Can Mark Melancon finally be the shutdown closer he was supposed to be? For two years, he’s alternated between being hurt, ineffective, and effective-but-not-that-effective. Bruce Bochy will make encouraging comments to the media — “I think he’s throwing the ball really well right now” or “You know, he’s finally pain-free in his shoulder, and that’s big” or “I’m so confident that Mark won’t give up a run this inning that if he does, I’ve instructed Bam-Bam to pie me in the face, which surely won’t OH BANANAS” — and then, well, oh bananas.
But this year could be different, right? Now that Melancon’s finally healthy, and pay no attention to the 9.82 Spring Training ERA behind the curtain, he’ll come back strong, rock a 1.78 ERA in 65 innings, and save 37 games. Now that he’s done with the problem with his pronator, and the flexor strain, and the dead grey muscle, and he doesn’t need any more stem cell injections or PRP shots, and there definitely won’t be any new problems that crop up in 2019, things will be peachy.
Sigh. No. No one expects that, other than Melancon and, presumably, his mom.
But what about competence? Because, for as much criticism as he gets, Mark Melancon was a competent reliever last year.
YOU: Ah, but what about his large $15 million salary?
ME: Oh good, this brings me to my 700 word digression talking about how baseball’s economic structure has created this problem, and how Melancon is a symptom instead of a cause, and how he actually earned that money in the years before he came to San Francisco and it’s a kind of delayed reward for past performance, and how-
YOU: I will click on 7 different ads if you stop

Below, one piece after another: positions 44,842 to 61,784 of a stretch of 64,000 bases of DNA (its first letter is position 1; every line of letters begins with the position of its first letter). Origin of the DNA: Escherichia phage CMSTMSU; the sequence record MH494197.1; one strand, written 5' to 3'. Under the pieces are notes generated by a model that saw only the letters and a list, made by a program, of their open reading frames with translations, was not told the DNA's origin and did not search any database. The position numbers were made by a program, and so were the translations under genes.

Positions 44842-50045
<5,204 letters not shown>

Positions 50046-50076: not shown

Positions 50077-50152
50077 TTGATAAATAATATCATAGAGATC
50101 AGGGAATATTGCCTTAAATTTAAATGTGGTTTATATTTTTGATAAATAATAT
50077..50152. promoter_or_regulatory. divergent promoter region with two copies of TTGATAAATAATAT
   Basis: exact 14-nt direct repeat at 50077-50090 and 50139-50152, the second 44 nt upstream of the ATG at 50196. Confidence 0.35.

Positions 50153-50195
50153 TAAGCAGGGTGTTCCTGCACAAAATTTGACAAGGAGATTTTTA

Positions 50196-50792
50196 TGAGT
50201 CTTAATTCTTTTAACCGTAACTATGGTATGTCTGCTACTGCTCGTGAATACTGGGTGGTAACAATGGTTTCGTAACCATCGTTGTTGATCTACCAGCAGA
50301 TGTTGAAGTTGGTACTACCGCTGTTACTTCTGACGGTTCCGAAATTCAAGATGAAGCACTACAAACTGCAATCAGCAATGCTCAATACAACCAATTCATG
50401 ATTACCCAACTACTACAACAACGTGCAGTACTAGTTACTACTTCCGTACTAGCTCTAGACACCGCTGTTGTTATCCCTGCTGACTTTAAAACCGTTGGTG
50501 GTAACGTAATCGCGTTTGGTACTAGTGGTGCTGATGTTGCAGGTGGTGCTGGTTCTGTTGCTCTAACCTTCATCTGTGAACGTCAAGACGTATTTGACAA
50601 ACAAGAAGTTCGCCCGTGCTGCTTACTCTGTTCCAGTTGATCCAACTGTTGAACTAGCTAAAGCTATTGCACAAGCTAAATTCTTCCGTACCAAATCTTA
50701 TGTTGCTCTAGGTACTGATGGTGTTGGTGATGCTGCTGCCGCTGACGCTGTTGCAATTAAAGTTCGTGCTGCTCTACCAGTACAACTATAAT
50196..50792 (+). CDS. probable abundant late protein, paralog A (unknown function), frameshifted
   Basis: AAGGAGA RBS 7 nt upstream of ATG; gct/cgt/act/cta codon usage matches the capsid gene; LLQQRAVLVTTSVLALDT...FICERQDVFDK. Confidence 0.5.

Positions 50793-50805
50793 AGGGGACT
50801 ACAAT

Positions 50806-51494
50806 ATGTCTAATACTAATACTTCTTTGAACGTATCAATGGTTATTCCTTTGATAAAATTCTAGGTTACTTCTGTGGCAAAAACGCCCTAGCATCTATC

A 3.23 ERA and 3.39 FIP are no great shakes for a reliever, but they’re also no terrible shakes. They’re perfectly serviceable shakes. Throw in a typically strong 52% ground ball rate and fastball velocity that was just as good as in 2015 and 2016, and you can’t really say there was anything wrong with Melancon’s year.
However, there were also some things wrong with Melancon’s year.
YOU: Yeah, he made too much money!
ME: -a blink of an eye, while the owners stay for as long as they live, preserved in amber, raking in money hand over fist. What was he supposed to do, turn down the biggest offer he got? He’s watching those billionaires make more money every day, and they never have to tell a soul how much, and he’s not supposed to do everything he can to take his share? His share that he earned with four straight years of sub-2.25 ERAs, including one where-
In 2018, Melancon’s strikeout rate plummeted and his walk rate soared. You can make excuses if you want — coming off injury, he probably wore down in September, which was by far his worst month — but the trend is worrying. Even more worrying: since coming to San Francisco, the effectiveness of his cutter has plummeted.
The cutter is Melancon’s bread and butter pitch, and has been since he established himself as a dominant reliever with the Pirates. Without it to rely on, what is he? What does he do well? What’s special about him?
Mark Melancon was signed to be a shutdown closer, and he’s working very hard to do that. Even setting aside Will Smith, though, and Sam Dyson and Reyes Moronta and whoever else may or may not be his competition for the job, he might not be good enough anymore. He was effective enough last year to be worth a spot on a major league roster, but he used to be more than that. New Melancon might not thrive, but he’ll be able to stick around without embarrassing himself.
A little bit worse than last year, but with a few more innings. He’ll have some ailment that costs him a month or so of the season, but mostly he’ll be around, he’ll be okay, and while he won’t be the closer, he’ll get a few chances to close because the actual closer needs some rest. But he won’t be a special pitcher.
He’s got a full no-trade clause and even if he didn’t, there won’t be a lot of teams lining up for him unless he’s Pittsburgh Melancon again. So no, he’s not going anywhere.